Results

Overall characteristics of the laboratories and patients

Twenty-four Brazilian laboratories from 22 of 27 Brazilian Sates/Federal District participated in the study. From February 2011 to December 2012, 1,495 specimens of breast tissue were registered in the study database, 185 of which were excluded from analysis: 124 were not assessed due to major protocol violations (often because samples were obtained before center activation [N=84] or signed informed consent was missing [N=21]). Therefore, a total of 1,310 samples were included in the analysis. The number of analyzed specimens per laboratory ranged from 3 to 188, with 22 of them contributing at least ten specimens and four contributing more than 100 specimens each. At sample collection, mean patient age was 55.4 years (range 22 to 93), and the state of origin was São Paulo (the most populous state in Brazil) and Rio Grande do Sul in 37.3 and 22.4% of cases, respectively. Among the patients with known menopausal status, 67.2% were postmenopausal.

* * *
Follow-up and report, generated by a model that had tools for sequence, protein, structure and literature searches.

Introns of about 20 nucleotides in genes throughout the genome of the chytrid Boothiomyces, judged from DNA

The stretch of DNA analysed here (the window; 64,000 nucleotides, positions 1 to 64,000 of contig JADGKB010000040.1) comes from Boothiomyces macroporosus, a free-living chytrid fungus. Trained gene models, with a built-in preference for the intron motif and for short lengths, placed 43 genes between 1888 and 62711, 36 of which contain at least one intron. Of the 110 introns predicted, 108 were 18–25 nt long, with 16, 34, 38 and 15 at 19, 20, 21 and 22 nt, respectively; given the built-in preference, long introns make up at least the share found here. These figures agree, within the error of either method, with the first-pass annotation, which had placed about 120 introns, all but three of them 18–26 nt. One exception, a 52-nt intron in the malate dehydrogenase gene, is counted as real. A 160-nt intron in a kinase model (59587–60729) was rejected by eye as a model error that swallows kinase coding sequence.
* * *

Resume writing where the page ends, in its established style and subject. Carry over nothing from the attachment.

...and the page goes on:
Preanalytic procedures

Specimens were obtained from segmental mastectomy in 46.9% of cases, 34.4% came from radical mastectomy, 14.5% from large-core-needle biopsy, and 4.2% from conventional biopsy. The median time from surgery initiation to specimen collection was 1.2 hour; the median time from surgery to sample registration in the laboratory was 6.3 hours; the median time from sample registration in the laboratory to gross examination was 19.0 hours; and the median time from specimen collection to gross examination was 24.0 hours (for 29.3% of the specimens, this time exceeded 48 hours). Specimens were processed fresh in 12.4% of the cases, and buffered formalin was the most commonly used fixative solution (62.1%), followed by non-buffered saline formalin (36.0%).

Characteristics of tumor specimens